If you’re wondering how to establish payment terms with a customer, there are a few key things to think about.
People always focus on the price, yet can get phased when they are asked, so what are your payment terms? And when you get asked that question, you need some answers ready.
Payment terms are in effect all about offering someone credit. And that means, are they good for it?
Because once you issue an invoice, and don’t take cash for your goods and services at the point of sale, you are offering your customer a line of credit. And that means you take on the risk of them paying late, or worse, not at all.
Now, let’s make one thing clear, the best outcome is to get paid immediately.
Let’s hear what Stefan Fritz, Managing Director of the Lady of Avenel boat business, has got to say about how to establish payment terms. He’s skipper of the Lady of Avenel boat, a traditional sailing boat based in northern Scotland.
It’s a lifestyle business, something which Stefan and his team love doing. He is quite firm about terms: “We take a deposit before we do anything, if there is no deposit, we won’t do anything. And generally, we get paid for the trip immediately…we don’t have problem chasing money too much.”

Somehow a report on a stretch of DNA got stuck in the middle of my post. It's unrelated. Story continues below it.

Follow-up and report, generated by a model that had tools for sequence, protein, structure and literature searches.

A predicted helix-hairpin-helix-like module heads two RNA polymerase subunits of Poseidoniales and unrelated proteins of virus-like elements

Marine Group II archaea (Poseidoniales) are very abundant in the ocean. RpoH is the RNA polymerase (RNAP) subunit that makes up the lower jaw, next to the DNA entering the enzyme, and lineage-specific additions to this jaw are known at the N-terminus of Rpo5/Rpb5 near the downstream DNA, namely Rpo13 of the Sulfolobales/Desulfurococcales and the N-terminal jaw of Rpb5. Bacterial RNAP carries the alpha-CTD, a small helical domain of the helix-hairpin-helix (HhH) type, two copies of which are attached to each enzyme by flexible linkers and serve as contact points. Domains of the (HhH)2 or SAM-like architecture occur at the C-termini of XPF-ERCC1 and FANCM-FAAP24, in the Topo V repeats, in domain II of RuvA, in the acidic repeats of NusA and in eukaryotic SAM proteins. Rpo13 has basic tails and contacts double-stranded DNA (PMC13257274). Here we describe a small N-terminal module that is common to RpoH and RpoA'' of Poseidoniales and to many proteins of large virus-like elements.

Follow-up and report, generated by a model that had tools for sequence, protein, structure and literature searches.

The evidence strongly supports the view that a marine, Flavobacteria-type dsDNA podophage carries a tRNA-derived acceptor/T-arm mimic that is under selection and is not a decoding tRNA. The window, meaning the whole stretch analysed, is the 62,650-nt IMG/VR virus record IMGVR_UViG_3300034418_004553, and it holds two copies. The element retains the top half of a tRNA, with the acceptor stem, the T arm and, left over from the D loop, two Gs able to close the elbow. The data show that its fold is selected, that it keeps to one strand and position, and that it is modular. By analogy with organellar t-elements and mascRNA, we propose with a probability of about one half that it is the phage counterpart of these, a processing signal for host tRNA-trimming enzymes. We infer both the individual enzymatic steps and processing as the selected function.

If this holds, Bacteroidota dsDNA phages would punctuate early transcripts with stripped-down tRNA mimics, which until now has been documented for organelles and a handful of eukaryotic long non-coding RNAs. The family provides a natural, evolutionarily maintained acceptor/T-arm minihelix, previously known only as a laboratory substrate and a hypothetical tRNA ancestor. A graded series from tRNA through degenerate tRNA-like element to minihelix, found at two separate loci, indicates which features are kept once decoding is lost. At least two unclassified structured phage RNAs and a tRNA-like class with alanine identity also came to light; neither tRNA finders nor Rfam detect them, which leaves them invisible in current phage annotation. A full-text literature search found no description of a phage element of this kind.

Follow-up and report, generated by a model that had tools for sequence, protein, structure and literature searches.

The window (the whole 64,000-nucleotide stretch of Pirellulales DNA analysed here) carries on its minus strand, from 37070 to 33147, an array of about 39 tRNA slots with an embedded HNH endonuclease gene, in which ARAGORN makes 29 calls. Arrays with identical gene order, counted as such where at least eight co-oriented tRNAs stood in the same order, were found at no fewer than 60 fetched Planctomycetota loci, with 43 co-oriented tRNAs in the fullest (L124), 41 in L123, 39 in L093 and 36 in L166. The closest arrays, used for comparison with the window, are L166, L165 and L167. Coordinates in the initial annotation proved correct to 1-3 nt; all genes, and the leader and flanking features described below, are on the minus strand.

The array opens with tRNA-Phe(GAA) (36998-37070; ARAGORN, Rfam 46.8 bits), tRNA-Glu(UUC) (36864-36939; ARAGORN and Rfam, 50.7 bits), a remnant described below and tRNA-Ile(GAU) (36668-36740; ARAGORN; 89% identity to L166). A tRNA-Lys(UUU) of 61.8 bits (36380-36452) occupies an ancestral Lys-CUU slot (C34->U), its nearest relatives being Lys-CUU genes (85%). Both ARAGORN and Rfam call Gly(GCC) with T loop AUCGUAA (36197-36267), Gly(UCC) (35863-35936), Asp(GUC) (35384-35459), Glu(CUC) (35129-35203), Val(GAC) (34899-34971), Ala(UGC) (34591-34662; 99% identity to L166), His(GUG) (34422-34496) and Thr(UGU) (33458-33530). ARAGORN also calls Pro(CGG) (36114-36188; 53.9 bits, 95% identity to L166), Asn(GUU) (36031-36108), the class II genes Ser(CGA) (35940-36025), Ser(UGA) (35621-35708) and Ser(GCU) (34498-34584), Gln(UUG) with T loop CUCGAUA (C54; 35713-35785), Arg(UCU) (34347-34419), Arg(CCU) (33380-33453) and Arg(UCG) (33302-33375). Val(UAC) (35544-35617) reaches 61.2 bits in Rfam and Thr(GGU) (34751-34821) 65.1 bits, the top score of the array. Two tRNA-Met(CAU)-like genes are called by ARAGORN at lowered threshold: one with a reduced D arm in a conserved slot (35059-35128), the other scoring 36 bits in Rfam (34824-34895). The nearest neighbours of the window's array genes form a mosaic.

Great advice for anyone in business, but of course it all depends on what business you are operating. For many businesses, especially in the B2B world, payment terms must be negotiated, alongside the price. With B2C businesses, there often is more of an opportunity to dictate good terms, for you the business owner, right from the kick-off.
Examine your cash flow
We asked expert Nicky Larkin for her opinion on how to establish payment terms. The Managing Director and founder of Goringe Accountants, Nicky was a finalist of the British Accountancy Awards 2012. She is also Chair of the FSB Reading & West Berkshire branch. Goringe, based in Reading, has around 70 clients.
She has wide experience in setting up finance teams and systems, managing all aspects of financial and management accountancy, installing best financial practice and gaining company financing.
Nicky told us: “To establish payment terms, its key to look at your cash flow, because it’s really important to ensure that you have sustainable cash to grow your business, it’s very easy to have a profitable business, but actually you could be over trading and your growth could be stunted because you have a lack of cash.”
And, it’s fair to say, that most of your customers will be looking for good terms and those terms could make the difference between winning a deal, or not. So, you have to box cleverly.
First, there’s that question, are they good for it? You should always check companies and individuals out, especially if you are offering a lot of credit. There are services available which can give you a good steer on a customer’s financial standing and likelihood to pay.
But don’t forget, that no matter how many stars and ticks you get about a company, on the day it comes down to whether they can pay on the agreed date. So, as well as any checks you might get to help you, use your gut instinct.